NYPA Press Release

NYPA Partners with Port Authority to Replace Lights Throughout One World Trade Center

For Immediate Release: 04/25/22

Contact: Media Inquiries | media.inquiries@nypa.gov | (518) 860-9935

 

  

 

Energy-Efficient LED Lighting Upgrades to Result in Energy Cost Savings and Emissions Reductions

 

WHITE PLAINS—The New York Power Authority (NYPA) and the Port Authority of New York and New Jersey today announced that energy-efficient LED lights will be installed in One World Trade Center, the tallest building in the United States.

 

“NYPA and Port Authority are partnering to upgrade and modernize the lighting at One World Trade Center, which lights up lower Manhattan as a symbol of American resiliency and ingenuity,” said NYPA Interim President and CEO Justin E. Driscoll. “The lighting improvements implemented throughout the 1,776-foot tower by NYPA will increase the building’s energy efficiency, lowering operating and maintenance costs for Port Authority while also reducing the building’s carbon footprint.”

 

The nearly $3 million project, which is being funded and implemented by NYPA, calls for the replacement of more than 5,800 fluorescent light fixtures with state-of-the-art energy efficient LED lights and will reduce carbon emissions by more than 760 metric tons—the equivalent of taking more than 170 cars off the road. The new lights will be installed in the tower’s corridors, hallways and mechanical equipment rooms and reduce the tower’s maintenance and operating costs. The installation is set to begin this summer and complete by the end of 2023.

 

“The Port Authority is working diligently to achieve its 50 percent greenhouse gas emissions reduction goal by 2030 and its net-zero goal by 2050, and is committed to pursuing the highest levels of energy efficiency and sustainability at the World Trade Center campus and across all of our facilities,” said Port Authority Executive Director Rick Cotton. “We are delighted to partner with NYPA to advance building efficiency with the installation of new LED lighting at One WTC.”

 

The Power Authority support for the lighting project stems from the Lower Manhattan Energy Independence Initiative, a $25 million fund established by New York State in 2006 to provide support to lower Manhattan with energy efficiency improvement projects in the area.

 

The new lights have a ten-year life span and will reduce energy use by 60%. One World Trade Center was built in 2006.

 

The lighting project builds on a NYPA-Port Authority announcement last year to install LED lighting inside the September 11 Memorial & Museum.

 

Buildings are the largest source of greenhouse gas emissions in New York State, responsible for 43 percent of annual emissions statewide. Integrating energy efficiency and electrification measures in new and existing buildings will reduce carbon pollution and help achieve more sustainable, healthy, and comfortable buildings in support of the state's ambitious goal to achieve 2 million climate-friendly homes by 2030. Through New York State Energy Research and Development Authority, the Power Authority and utility programs, more than $6.8 billion is being invested to decarbonize buildings to achieve the state's decarbonization goals. By improving energy efficiency in buildings and including onsite storage, renewables, and electric vehicle charging equipment, the state will reduce carbon pollution and advance the target of reducing on-site energy consumption by 185 trillion Btus by 2025, the equivalent of powering 1.8 million homes. Energy efficiency accounts for 75 percent of the clean energy jobs across New York.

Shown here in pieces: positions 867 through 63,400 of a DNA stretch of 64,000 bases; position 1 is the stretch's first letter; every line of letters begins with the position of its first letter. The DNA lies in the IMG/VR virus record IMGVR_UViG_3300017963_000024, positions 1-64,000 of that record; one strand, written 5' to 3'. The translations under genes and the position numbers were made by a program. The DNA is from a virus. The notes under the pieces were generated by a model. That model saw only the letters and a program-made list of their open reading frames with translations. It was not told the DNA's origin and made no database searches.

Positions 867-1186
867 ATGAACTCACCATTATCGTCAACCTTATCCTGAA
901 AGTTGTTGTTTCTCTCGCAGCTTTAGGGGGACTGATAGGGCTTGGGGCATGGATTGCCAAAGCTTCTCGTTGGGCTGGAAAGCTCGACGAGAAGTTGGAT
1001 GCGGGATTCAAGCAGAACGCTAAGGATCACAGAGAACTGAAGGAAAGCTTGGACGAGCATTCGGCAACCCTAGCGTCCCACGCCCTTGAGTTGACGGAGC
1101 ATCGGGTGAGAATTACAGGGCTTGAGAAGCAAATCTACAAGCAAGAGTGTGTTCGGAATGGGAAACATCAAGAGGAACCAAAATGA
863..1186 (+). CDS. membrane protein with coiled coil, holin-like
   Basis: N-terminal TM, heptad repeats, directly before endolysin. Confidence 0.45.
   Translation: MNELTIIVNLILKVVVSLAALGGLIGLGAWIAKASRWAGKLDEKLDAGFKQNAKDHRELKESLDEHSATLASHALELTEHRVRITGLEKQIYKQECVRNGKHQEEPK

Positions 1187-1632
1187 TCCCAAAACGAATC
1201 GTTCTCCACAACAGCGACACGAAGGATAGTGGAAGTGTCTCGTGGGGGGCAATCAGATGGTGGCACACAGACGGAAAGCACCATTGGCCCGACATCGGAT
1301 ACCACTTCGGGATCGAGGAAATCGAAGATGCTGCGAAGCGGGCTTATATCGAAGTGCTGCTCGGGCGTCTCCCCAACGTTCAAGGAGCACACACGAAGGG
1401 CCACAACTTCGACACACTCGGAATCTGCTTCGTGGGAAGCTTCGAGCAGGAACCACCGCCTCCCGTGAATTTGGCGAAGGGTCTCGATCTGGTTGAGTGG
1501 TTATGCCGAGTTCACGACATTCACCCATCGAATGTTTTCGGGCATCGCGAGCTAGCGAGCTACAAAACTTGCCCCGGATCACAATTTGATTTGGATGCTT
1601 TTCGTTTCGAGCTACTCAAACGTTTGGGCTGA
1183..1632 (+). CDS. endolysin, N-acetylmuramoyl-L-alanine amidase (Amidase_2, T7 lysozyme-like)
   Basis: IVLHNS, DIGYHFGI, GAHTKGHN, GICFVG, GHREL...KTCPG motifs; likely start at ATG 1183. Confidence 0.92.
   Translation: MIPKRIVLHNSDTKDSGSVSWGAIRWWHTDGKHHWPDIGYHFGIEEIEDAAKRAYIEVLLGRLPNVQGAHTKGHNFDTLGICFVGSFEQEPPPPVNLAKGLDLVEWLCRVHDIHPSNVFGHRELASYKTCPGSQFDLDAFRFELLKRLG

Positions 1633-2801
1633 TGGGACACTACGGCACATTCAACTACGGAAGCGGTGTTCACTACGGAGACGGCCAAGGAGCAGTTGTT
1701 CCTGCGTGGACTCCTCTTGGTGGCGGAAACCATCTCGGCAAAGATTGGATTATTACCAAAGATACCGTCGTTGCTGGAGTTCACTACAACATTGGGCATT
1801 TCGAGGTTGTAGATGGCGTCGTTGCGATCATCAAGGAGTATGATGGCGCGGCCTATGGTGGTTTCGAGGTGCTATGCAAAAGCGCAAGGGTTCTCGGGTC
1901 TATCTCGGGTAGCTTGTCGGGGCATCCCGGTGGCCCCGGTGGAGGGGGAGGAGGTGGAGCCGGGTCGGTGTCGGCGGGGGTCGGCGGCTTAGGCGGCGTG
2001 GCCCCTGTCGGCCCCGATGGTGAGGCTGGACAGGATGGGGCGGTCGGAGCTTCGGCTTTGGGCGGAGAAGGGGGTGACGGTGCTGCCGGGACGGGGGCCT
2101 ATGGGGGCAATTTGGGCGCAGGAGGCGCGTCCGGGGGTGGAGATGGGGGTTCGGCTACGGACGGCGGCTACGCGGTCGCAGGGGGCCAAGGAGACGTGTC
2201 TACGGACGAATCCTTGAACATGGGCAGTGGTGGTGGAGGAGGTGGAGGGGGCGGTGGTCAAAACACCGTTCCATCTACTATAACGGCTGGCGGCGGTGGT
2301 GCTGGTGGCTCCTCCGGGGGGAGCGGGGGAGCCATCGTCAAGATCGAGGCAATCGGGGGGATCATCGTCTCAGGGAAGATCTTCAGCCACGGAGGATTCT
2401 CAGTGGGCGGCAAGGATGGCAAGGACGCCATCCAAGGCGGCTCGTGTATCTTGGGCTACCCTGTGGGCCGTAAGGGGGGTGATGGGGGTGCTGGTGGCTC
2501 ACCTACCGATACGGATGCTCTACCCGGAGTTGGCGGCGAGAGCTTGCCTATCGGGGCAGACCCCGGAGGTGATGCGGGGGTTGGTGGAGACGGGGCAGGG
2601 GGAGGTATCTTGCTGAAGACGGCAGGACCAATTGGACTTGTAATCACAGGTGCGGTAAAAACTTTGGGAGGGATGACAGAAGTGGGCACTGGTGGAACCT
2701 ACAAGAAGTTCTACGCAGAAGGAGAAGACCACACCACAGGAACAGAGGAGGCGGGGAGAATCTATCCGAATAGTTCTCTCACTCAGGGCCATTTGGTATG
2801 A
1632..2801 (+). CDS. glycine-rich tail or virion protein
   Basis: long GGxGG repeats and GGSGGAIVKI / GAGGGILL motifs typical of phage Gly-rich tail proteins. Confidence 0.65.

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New York State's Nation-Leading Climate Plan

New York State's nation-leading climate agenda is the most aggressive climate and clean energy initiative in the nation, calling for an orderly and just transition to clean energy that creates jobs and continues fostering a green economy as New York State recovers from the COVID-19 pandemic. Enshrined into law through the Climate Leadership and Community Protection Act, New York is on a path to achieve its mandated goal of a zero-emission electricity sector by 2040, including 70 percent renewable energy generation by 2030, and to reach economy wide carbon neutrality. It builds on New York's unprecedented investments to ramp-up clean energy including over $33 billion in 102 large-scale renewable and transmission projects across the state, $6.8 billion to reduce buildings emissions, $1.8 billion to scale up solar, more than $1 billion for clean transportation initiatives, and over $1.6 billion in NY Green Bank commitments. Combined, these investments are supporting nearly 158,000 jobs in New York's clean energy sector in 2020, a 2,100 percent growth in the distributed solar sector since 2011 and a commitment to develop 9,000 megawatts of offshore wind by 2035. Under the Climate Act, New York will build on this progress and reduce greenhouse gas emissions by 85 percent from 1990 levels by 2050, while ensuring that at least 35 percent with a goal of 40 percent of the benefits of clean energy investments are directed to disadvantaged communities, and advance progress towards the state's 2025 energy efficiency target of reducing on-site energy consumption by 185 trillion BTUs of end-use energy savings.

 

About NYPA

NYPA is the largest state public power organization in the nation, operating 16 generating facilities and more than 1,400 circuit-miles of transmission lines. More than 80% of the electricity NYPA produces is clean renewable hydropower. NYPA uses no tax money or state credit. It finances its operations through the sale of bonds and revenues earned in large part through sales of electricity. For more information visit www.nypa.gov and follow us on Twitter @NYPAenergy, Facebook, Instagram, Tumblr and LinkedIn.